On those live CDs there should be no NTP daemon running anyway. And even if so we switched which defaults to non-utc for the following reason: rtconutc chronyd assumes by default that the RTC keeps local time (including any daylight saving changes). This is convenient on PCs running Linux which are dual-booted with Windows.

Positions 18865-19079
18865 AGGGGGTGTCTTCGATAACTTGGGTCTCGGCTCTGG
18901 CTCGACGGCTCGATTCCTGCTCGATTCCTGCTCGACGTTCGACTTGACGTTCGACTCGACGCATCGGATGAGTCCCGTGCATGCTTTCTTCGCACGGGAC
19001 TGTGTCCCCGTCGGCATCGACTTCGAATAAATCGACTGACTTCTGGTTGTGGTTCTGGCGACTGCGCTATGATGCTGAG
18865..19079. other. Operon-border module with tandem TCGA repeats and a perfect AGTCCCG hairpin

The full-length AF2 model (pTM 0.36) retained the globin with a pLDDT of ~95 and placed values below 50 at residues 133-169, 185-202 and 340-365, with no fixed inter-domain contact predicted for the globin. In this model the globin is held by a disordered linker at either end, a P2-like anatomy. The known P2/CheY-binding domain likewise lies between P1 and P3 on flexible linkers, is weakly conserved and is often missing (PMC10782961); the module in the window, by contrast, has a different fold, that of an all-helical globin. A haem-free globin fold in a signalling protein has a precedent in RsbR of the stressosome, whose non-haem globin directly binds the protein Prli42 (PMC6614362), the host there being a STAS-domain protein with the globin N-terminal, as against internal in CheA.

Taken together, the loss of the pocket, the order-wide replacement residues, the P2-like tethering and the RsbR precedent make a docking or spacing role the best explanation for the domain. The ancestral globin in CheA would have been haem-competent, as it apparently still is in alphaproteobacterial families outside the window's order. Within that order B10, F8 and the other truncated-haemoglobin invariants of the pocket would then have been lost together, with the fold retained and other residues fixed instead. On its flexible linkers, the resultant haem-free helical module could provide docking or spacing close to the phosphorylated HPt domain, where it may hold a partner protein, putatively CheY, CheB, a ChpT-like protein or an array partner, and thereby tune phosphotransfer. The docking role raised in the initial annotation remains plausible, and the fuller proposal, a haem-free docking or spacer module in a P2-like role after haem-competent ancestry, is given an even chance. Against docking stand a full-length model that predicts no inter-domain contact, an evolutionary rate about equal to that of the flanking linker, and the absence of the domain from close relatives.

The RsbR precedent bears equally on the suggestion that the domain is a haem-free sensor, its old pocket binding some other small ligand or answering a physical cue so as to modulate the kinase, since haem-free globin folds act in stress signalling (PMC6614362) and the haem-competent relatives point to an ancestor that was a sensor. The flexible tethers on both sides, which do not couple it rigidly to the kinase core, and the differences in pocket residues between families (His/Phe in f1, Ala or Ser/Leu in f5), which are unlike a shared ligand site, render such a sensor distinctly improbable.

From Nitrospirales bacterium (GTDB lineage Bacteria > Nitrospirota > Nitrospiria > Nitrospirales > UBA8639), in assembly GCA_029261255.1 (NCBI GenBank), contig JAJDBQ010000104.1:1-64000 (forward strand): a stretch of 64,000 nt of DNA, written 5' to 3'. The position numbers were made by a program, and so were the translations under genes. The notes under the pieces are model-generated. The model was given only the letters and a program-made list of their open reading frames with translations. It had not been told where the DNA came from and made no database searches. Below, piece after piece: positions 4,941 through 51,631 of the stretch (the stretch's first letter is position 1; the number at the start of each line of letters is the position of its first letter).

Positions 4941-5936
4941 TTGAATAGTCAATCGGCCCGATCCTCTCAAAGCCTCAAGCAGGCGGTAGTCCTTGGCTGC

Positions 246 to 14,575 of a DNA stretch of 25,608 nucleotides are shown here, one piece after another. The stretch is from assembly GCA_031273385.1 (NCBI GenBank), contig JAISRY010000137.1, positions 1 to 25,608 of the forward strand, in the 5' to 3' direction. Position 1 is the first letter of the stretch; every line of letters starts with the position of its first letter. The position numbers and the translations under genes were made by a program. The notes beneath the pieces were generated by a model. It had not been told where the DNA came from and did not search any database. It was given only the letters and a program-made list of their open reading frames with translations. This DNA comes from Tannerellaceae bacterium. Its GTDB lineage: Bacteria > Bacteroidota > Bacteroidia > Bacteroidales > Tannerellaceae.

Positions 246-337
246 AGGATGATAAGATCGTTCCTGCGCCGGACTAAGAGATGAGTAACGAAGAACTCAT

If you keep the RTC on local time and your computer is off when daylight saving (summer time) starts or ends, the computer’s system time will be one hour in error when you next boot and start chronyd. An alternative is for the RTC to keep Universal Coordinated Time (UTC). This does not suffer from the 1 hour problem when daylight saving starts or ends. If the rtconutc directive appears, it means the RTC is required to keep UTC. The directive takes no arguments. It is equivalent to specifying the -u switch to the Linux hwclock program. Note that this setting is overridden when the hwclockfile directive is specified. If one wants to change that he can set rtconutc in /etc/chrony/chrony.conf. But as I said this should only apply once you install it, which by default I thought is not the case. Instead you likely just have systemd-timesyncd running. Which I think defaults to systemctl status hwclock ● hwclock.service Loaded: masked (/dev/null; bad) Active: inactive (dead) And Local time: Di 2018-05-29 09:43:08 CEST Universal time: Di 2018-05-29 07:43:08 UTC RTC time: Di 2018-05-29 07:43:08 Time zone: Europe/Berlin (CEST, +0200) System clock synchronized: yes systemd-timesyncd.service active: yes RTC in local TZ: no So as I read it this already does UTC, here from the man page: set-local-rtc [BOOL] Takes a boolean argument. If "0", the system is configured to maintain the RTC in universal time. If "1", it will maintain the RTC in local time instead. Note that maintaining the RTC in the local timezone is not fully supported and will create various problems with time zone changes and daylight saving adjustments. If at all possible, keep the RTC in UTC mode. Note that invoking this will also synchronize the RTC from the system clock, unless --adjust-system-clock is passed (see above). This command will change the 3rd line of /etc/adjtime, as documented in hwclock(8). I'll re-target this bug at systemd (for systemd-timesyncd) but set it to incomplete until we find out which part of the service exactly sets non-UTC time as I'd think this would be the default. You might start by looking at timedatectl on the live system. ** Also affects: systemd (Ubuntu) Importance: Undecided Status: New ** Changed in: ntp (Ubuntu) Status: New => Invalid -- You received this bug notification because you are a member of Ubuntu Desktop Bugs, which is subscribed to systemd in Ubuntu. https://bugs.launchpad.net/bugs/1703479 Title: Ubuntu 17.04 & Kubuntu 17.04 LiveCD writes to bios/hardware clock; thereby messing up my installed Windows 10 Pro laptop time To manage notifications about this bug go to: https://bugs.launchpad.net/ubuntu/+source/ntp/+bug/1703479/+subscriptions -- desktop-bugs mailing list email@example.com https://lists.ubuntu.com/mailman/listinfo/desktop-bugs